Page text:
On the money trail

Pages from the diary of Crank’s News reporter

Chennai, Nov 16:

The night of Nov 8

On the TV Prime Minister Narendra Modi is holding forth. Wife and I sit watching the whole thing with nary an emotion. We are speechless at what we hear. That is because we don’t understand Hindi. But the news scroll below, tells the story: Rs.500 and Rs.1000 demonetised. Wife looks at me quizzically. I look back at her quizzically. That is because we both don’t know what demonetisation means.

Eventually the penny, if that is the word, drops. We understand the two denominations are declared invalid from that midnight. Jee whiz! What do I with all the Rs.500 and Rs.1000 with me? But quickly gathering my wits and immediately taking charge, I ask the wife and daughter to bring all the Rs.500 and Rs.1000 stashed in the house, as if it was the time of reckoning and we had to finally confront our hidden truths. After some merciless minutes, we look at the pile in front of us: A sum total of four Rs.500 notes, and one Rs.1000 note. Of course, a few harmless 100s, 50s and 10s were in too.

Is that what we have in hand? I ask the wife plaintively. “Usually it is a lot less. But we made it a point to look around behind the cot, bureau and sofa. The 10s were picked from there only,” the wife said matter of factly. “You do remember your salary, right? A journalist’s salary and a person who has drank cyanide is difficult to save,” the wife adds in the conversational parenthesis.

The night ends in more unease: The fight against black money, it seems, will have some collateral damage. A journalist’s ego, for starters.

The morning of Nov 13

It is a Sunday. In need of cash for the week. Go to the ATM in the locality Find that the authorities, manfully rising to the emergency of the occasion, have helpfully put an easy to spot ‘out of order’ notice on the door.

Mentally thanking the banking guys for their thoughtful gesture, set out in search of another ATM and find one with only a few queued in front of it. Join the line only to quickly learn that 1) This ATM too is out of order 2) And the queue is actually for an ATM two streets away.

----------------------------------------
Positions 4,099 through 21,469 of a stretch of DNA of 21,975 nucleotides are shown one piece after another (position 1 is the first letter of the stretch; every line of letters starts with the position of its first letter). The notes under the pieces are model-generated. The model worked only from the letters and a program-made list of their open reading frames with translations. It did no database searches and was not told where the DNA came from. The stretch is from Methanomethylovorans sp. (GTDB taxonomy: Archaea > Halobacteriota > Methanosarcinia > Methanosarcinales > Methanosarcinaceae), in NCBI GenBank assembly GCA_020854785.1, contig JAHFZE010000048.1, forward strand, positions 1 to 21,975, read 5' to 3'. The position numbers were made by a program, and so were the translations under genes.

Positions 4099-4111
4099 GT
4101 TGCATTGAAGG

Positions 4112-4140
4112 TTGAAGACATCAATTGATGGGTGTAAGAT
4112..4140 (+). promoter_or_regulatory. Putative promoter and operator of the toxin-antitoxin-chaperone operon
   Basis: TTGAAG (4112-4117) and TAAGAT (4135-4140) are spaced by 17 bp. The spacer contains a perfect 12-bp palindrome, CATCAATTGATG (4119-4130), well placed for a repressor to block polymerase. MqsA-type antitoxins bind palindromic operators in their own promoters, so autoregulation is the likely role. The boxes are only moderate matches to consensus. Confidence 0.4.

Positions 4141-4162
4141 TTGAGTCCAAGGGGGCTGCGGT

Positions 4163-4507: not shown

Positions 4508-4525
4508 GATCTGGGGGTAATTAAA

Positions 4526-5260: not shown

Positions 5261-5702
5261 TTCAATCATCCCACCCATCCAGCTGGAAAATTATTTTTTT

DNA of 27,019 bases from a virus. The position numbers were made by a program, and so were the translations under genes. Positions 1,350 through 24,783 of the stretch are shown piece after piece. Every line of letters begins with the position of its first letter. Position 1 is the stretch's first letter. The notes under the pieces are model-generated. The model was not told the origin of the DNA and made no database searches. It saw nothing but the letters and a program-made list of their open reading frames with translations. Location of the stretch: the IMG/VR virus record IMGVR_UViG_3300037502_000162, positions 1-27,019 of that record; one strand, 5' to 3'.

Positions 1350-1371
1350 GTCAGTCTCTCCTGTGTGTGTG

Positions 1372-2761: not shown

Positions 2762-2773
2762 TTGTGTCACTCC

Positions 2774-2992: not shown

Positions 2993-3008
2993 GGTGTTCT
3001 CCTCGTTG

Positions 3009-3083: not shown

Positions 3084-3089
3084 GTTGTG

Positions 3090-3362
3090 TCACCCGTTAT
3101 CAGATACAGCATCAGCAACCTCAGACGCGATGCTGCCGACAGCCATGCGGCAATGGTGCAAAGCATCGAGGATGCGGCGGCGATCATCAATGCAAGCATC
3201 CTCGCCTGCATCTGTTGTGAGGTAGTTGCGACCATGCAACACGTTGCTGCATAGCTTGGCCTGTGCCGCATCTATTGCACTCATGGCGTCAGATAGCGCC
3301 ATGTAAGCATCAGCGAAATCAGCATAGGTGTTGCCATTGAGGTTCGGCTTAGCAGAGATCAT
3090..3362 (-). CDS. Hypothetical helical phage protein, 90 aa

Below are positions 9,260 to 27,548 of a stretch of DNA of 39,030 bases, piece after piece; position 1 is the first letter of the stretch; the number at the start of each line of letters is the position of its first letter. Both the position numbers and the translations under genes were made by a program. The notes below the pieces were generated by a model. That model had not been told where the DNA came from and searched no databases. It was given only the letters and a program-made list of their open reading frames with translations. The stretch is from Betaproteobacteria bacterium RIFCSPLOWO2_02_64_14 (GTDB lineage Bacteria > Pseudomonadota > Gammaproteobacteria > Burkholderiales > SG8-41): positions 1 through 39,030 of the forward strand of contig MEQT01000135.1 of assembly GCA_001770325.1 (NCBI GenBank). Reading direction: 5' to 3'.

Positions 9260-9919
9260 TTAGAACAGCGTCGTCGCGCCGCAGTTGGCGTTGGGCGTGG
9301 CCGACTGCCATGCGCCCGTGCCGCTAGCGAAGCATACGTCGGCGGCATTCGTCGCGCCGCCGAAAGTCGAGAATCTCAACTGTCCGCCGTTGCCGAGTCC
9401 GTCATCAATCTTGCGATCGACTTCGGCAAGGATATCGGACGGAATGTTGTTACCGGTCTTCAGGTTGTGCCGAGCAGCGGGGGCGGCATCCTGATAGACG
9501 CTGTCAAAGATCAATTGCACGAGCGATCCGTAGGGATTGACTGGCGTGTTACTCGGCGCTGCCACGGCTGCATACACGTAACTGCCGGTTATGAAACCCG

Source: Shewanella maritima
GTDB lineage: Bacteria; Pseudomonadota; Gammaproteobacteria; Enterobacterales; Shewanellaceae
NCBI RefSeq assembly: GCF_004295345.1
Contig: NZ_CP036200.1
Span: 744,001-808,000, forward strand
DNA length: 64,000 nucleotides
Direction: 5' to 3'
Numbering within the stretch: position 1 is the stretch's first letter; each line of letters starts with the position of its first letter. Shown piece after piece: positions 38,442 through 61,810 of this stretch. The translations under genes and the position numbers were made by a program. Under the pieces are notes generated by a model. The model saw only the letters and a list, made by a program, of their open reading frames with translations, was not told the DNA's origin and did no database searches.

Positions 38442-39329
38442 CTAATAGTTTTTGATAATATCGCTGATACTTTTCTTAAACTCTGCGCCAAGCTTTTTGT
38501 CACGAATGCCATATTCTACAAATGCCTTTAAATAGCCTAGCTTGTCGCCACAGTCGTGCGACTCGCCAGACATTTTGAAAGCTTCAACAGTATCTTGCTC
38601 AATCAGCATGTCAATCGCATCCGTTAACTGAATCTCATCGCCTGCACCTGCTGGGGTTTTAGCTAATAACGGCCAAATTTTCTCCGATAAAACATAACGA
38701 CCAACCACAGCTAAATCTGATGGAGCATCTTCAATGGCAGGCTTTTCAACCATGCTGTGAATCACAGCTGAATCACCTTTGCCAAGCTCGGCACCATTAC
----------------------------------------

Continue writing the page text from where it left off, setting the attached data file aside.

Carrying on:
Cursing fate, join the line. Soon enough realise that even if the Indian economy is eventually straightened, it is impossible to literally straighten any queue in India. I mean we Indians just don’t have the ability to fall in a simple straight line. It is a skill that requires military training for Indians to acquire.

The line moves in every conceivable direction in every conceivable geometric formation. Improbable as it may sound, sometimes in the exact opposite direction to where the queue is actually headed towards. The line comprises an impressive motley: Some taciturn with thoughts. Some voluble with opinions. Some glued to their mobiles. Some staring into the distant nothingness. Some taking their troubles in stride. Some cursing their fate. But everyone feeling that they would be somewhere else than spending their time in a queue that seemed to move at the speed of larva turning into butterfly.

Those inclined to chat offer their views to no one in particular. “This is just the start. Modi will next ban gold and diamonds”, one man says with authoritative gusto. No one asks where he got that info from. He talks non-stop and seems to be the human/physical version of the WhatsApp fwds we are wont to receive on the many ‘groups’ we are part of. “Modi’s next target will be corrupt bureaucrats and politicos”.  As a journalist, I realise that if I report from ‘Ground Zero’, these would be the ‘credible voices of the public’.

“It seems even the BJP is not happy with Modi,” says another in the silent gap that the previous man probably inadvertently left.  “They have goofed up big time. All the new printed money are going to top politicos and industrialists. They all have been alerted before hand itself to exchange the notes,” he says with clinical finality. “An ATM is Ambattur is dispensing only old 500 rupees even today.” Where in Ambattur, I ask out of general curiosity, he replies, “my friend told me this”.  I make a mental note that the guy is a very good journalist material.

But amidst differing opinions and moods, there is an easy bonhomie, a chatty friendliness descends on the scene. Every one has some opinion on how to tackle the black money scourge and what the Finance Minister should do. Never knew economic was such a popular subject with the general public.

The queue progresses at the speed of Indian economy, and I am kind of near the ATM, when someone, looking into his mobile, says “this week has to be the worst”. I wonder what is he having in his mind. Trump becoming the US President-elect. Currency crunch and other issues in India. What could get any worse than this?

“Alaistair Cook just scored a century,” I hear him say even as I enter the ATM room.